In a reward for one of Gov. Pataki's political allies, President Bush is considering a federal judgeship for the Latina who ran unsuccessfully for state attorney general on Pataki's ticket last fall, The Post has learned.
Pataki tapped little-known Dora Irizarry to oppose popular Attorney General Eliot Spitzer, but she was seen from the start as a sacrificial lamb meant to help Pataki's re-election by adding a Hispanic to the ticket.
Irizarry, who lost by a whopping 66 to 30 percent, resigned a state judicial post to which Pataki had named her to take on Spitzer last year. Currently with a law firm, she could not be reached for comment last night.
A Democratic source claimed the potential choice of Irizarry has irked Sen. Chuck Schumer (D-N.Y.), who's on the Senate Judiciary Committee which vets judge nominees, but his office adamantly denied it.
"The White House has asked us to look at her and we are doing so," said Schumer spokesman Phil Singer.
Asked whether Schumer is ticked off, Singer replied: "There is not one element of truth to that. He is studying her record and has an open mind."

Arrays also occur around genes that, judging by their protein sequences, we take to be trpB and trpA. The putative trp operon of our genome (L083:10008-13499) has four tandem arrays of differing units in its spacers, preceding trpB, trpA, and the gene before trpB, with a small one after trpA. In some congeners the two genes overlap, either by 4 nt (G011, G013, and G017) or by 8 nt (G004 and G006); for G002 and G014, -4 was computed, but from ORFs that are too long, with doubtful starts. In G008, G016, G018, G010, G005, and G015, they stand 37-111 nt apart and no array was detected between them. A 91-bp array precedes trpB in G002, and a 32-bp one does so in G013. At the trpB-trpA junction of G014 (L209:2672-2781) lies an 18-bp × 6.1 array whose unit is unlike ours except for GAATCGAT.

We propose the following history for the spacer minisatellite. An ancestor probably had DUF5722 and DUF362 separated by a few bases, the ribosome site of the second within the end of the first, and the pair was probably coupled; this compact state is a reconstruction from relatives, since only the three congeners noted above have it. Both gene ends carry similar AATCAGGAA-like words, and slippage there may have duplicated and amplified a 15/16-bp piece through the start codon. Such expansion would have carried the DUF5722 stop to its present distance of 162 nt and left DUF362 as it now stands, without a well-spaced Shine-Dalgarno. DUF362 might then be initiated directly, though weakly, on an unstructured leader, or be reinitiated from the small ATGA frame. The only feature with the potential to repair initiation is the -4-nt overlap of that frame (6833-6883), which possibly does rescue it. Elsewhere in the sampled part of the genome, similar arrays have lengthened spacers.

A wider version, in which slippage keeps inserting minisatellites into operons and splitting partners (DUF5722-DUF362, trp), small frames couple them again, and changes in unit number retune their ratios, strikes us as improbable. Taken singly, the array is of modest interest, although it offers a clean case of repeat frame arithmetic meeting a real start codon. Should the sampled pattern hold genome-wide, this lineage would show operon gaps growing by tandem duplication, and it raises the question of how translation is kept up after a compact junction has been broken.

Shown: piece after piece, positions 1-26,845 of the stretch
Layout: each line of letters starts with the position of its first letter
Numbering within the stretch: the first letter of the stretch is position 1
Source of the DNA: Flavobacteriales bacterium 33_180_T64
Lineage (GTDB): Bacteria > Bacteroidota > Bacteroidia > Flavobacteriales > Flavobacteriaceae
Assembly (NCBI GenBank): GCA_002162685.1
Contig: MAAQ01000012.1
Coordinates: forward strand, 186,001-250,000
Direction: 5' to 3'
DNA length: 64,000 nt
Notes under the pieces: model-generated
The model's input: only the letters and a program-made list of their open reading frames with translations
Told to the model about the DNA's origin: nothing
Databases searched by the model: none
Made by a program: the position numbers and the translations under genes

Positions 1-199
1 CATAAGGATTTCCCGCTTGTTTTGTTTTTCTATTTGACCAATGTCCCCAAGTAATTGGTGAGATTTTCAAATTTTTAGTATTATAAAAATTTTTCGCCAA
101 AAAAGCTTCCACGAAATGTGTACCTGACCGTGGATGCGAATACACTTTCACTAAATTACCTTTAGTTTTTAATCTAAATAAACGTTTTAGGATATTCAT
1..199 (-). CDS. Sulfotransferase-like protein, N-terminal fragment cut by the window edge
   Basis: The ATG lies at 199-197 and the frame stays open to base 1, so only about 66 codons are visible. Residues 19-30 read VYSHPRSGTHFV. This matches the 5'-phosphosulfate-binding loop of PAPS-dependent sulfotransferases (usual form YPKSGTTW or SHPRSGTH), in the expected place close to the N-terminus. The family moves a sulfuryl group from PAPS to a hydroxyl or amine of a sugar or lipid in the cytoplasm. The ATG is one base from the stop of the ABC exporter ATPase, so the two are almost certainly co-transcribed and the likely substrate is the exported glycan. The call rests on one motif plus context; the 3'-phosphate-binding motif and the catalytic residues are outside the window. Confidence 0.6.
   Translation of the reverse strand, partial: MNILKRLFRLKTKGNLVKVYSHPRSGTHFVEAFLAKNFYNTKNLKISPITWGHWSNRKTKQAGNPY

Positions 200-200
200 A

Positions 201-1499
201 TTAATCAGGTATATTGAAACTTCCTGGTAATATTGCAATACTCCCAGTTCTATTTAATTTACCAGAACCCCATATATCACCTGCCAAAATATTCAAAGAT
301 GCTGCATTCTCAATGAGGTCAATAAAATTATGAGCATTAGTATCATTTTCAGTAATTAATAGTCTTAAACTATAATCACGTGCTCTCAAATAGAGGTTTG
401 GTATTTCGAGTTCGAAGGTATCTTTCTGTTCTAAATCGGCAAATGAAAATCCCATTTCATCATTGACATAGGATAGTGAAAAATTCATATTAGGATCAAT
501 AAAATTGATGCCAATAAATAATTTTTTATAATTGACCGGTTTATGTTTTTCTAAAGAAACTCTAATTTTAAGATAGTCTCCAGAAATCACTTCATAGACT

The date of Irizarry's possible nomination or the specific judgeship could not be learned last night.
"She's a lovely person and a great American success story," said Pataki spokesman Michael McKeon.
"Here's someone who grew up in the South Bronx and could have done anything as lawyer and instead went back to prosecute drug dealers in the neighborhood where she grew up."
The Puerto Rico-born Irizarry graduated from the Bronx HS of Science and then, like Pataki, from Yale University and Columbia Law School. She then became a prosecutor in the Manhattan and Bronx U.S. attorneys offices.
A Democrat-turned-Republican, she was picked as a New York City Criminal Court justice by then-Mayor Rudy Giuliani in 1995. Pataki named her to the state Court of Claims in 1997.
After losing to Spitzer last fall, Irizarry - a single mom - joined the 18-lawyer firm of Hoguet, Newman & Regal, which has been hired to represent Pataki as outside counsel in several cases.
When the Democrats controlled the Senate, Schumer demanded - and got - deferential treatment from the White House in picking judges and U.S. attorneys and he could block nominees on the Judiciary Committee. But he has less clout now that Republicans are in control.
Schumer has already opposed Bush on some judgeship nominees from outside New York, vowing to do "everything I can" to block them including a filibuster. His office, however, insisted he has a "good working relationship" with the White House on New York judges.
Last year, Schumer waited months before agreeing to back another Pataki ally, Roslynn Mauskopf, as Bush's choice for Brooklyn U.S. attorney.
Schumer also nixed Pataki's first pick for Manhattan U.S. attorney and was instrumental in the eventual approval of James Comey for the key position.
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